Model Call

Model Call copy

Newborn Family MODEL CALL!

I am looking for couples in the Waterloo/Denver/Waverly, IA area with due dates during March or with a 1 to 3 week old baby for in-home lifestyle photo sessions. Sessions would be scheduled during March on weekday mornings. In exchange for a signed model release, families will receive 10 complimentary digital files.  Interested applicants please e-mail sarah@sarahstanleyphotography.com no later than March 4th.

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More Lifestyle with Lena

baby on patriotic colored quilt

Last week I was able to go back to get a few more pictures of Miss Lena.  She is such a cutie and when she is awake she is constantly moving!  They had beautiful dramatic light in this room, so we had to play around with it.

Tips to help you capture Lifestyle Images

First, you are going to have to get over feeling awkward pulling out your camera in public!  This is really easy if you are using your phone, because everyone is snapping pictures on the go these days and the cameras on phones are getting better and better!  I prefer to use my big camera, just because I can’t stand to give up control over my settings and my phone takes terrible pictures indoors, but even for a quick shot with your phone, keep the following in mind and you will have images that tell a clearer story and have more personality.

kids playing at library with bookshelves behind them

  1. Shoot wide – this just means, back up (or use a wide-angle lens) and include the setting in your photo.  This gives the viewer a sense of the place, the reason for the activity, or a reminder of a favorite location.  Make sure it is still clear to the viewer what the main subject is.
  2. Instead of shooting wide, include something in the image that is unique to the setting so that the viewer can make an inference about where you are.
  3. Capture your subject involved in an activity.  This could be crafting, reading, playing a sport, or laughing with a friend.  This will give the viewer a sense of who the subject is.boys face framed in bead maze toy
  4. Be patient.  Find a great vantage point and wait a few minutes to catch action, a decisive moment, or a strong emotion.  This could be turning a page, shooting a basket, laying the last piece of the puzzle in place, a belly laugh, or a look of determination.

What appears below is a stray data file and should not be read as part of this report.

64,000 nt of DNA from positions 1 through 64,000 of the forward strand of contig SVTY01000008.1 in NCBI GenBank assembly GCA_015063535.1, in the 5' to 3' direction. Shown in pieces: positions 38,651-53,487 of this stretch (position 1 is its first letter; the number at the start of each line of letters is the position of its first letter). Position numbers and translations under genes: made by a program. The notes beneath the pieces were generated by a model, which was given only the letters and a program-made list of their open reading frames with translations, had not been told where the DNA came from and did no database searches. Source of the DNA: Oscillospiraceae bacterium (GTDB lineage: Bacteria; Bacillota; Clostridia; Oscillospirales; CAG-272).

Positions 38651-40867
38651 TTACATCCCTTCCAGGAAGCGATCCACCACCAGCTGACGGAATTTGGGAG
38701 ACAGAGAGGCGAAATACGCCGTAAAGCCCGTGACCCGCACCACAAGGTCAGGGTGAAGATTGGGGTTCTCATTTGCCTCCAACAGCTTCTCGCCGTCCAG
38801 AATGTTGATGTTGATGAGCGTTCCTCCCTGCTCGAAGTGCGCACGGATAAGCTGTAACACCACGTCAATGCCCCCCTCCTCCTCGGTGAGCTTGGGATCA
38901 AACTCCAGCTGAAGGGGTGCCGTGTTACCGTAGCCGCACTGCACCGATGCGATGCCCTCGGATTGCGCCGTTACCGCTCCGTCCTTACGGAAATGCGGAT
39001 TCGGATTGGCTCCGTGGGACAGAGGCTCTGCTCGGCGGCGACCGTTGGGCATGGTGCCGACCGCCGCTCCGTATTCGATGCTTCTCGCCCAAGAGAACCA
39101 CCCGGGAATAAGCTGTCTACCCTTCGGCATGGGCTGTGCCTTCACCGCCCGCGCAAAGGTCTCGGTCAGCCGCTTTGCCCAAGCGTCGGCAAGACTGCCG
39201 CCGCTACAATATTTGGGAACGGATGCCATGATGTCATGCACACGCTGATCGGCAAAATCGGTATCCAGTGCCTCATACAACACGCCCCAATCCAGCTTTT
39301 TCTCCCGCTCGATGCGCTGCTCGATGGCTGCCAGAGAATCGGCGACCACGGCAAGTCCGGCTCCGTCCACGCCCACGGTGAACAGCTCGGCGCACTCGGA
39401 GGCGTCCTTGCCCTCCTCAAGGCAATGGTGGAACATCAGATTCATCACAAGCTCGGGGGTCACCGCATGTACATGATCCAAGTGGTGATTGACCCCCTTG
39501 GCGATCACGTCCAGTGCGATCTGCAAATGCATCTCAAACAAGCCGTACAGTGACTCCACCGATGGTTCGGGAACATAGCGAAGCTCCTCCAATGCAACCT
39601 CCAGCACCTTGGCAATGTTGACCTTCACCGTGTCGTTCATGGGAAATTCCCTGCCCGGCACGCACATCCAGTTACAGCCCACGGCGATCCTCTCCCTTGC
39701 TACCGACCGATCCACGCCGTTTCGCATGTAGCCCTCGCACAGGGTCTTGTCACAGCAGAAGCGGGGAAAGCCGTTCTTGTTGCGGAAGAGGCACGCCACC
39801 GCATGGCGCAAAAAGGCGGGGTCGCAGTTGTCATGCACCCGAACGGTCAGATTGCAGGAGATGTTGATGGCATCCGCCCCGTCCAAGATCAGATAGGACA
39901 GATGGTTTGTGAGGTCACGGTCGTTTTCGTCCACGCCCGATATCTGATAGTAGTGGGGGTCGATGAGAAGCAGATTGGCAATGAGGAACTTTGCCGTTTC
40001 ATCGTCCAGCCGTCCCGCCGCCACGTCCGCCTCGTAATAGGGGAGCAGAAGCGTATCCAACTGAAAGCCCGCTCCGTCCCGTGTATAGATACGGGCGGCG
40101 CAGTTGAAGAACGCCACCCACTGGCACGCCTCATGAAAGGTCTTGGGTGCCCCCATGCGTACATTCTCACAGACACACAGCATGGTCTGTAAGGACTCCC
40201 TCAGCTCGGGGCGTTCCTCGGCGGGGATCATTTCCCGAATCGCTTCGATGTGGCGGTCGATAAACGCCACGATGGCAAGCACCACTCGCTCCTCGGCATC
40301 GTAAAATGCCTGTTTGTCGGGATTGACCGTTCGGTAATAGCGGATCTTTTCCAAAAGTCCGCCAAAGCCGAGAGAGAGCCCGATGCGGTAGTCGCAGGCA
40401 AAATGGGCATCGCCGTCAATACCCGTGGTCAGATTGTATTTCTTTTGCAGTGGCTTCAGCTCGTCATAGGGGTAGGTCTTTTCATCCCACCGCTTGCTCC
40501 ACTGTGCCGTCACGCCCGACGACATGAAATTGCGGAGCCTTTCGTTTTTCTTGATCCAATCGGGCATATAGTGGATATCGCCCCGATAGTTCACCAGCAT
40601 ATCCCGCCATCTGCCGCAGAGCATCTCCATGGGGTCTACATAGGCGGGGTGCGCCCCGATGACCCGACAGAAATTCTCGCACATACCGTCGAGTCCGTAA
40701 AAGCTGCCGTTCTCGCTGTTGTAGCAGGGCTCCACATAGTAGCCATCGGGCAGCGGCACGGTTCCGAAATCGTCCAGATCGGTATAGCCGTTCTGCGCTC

5. Capture details too.  These can either stand alone, or add to the story set up in your earlier images.  Think paint covered hands, art supplies or toys, an award won, or the final result of an activity.

Lifestyle Newborn with Lena

dad cradling newborn

Lifestyle Newborn-1

I spent yesterday morning with my newest little niece taking pictures of her and her adoring parents!  This was the first time I have really focused on creating lifestyle/documentary style images with a newborn, and it is quite a bit different than a newborn portrait session.  Basically, I followed her around for a couple of hours, from the nursery, to the changing table, in the comfy nursing chair, chillin’ in the crib, and snuggled up with her parents.

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What I was capturing was a glimpse into their life with a newborn; how they interact with each other, how they spend their time, and what their home is like with a new little one in it.  I hope to get back over there to get some beautiful portrait style newborn images as well.  I’d better hurry, they grow so fast!

 

 

 

Snowy Scenes & Exposure Compensation

boy in snowsuit walking in snowy woods

If you’re in Iowa, you know that the last few weeks we have had some beautiful snowy days (followed by some really cold weather)! I wanted to share a tip with you that will help you capture that snowy landscape or fun images of your kiddos enjoying the white stuff. One problem with shooting a scene with so much white, is that the camera expects the elements in a scene to average out to grey. If it looks at your snowy scene with large amounts of white and a few bits of color, it is going to darken those bright areas to make the average tone grey unless you tell it to do differently.

How can you do that? Most SLR cameras and many point and shoot cameras have an exposure compensation button marked with a +/-,  that will allow you to override the exposure (brightness) that the camera has chosen if you are in an auto mode. A good practice is to set this to +1, see how it looks to you and adjust up or down accordingly. If you don’t have exposure compensation, see if you have a scene mode for beaches or snow (my little Olympus Tough has this). Experiment with this and let me know what you think!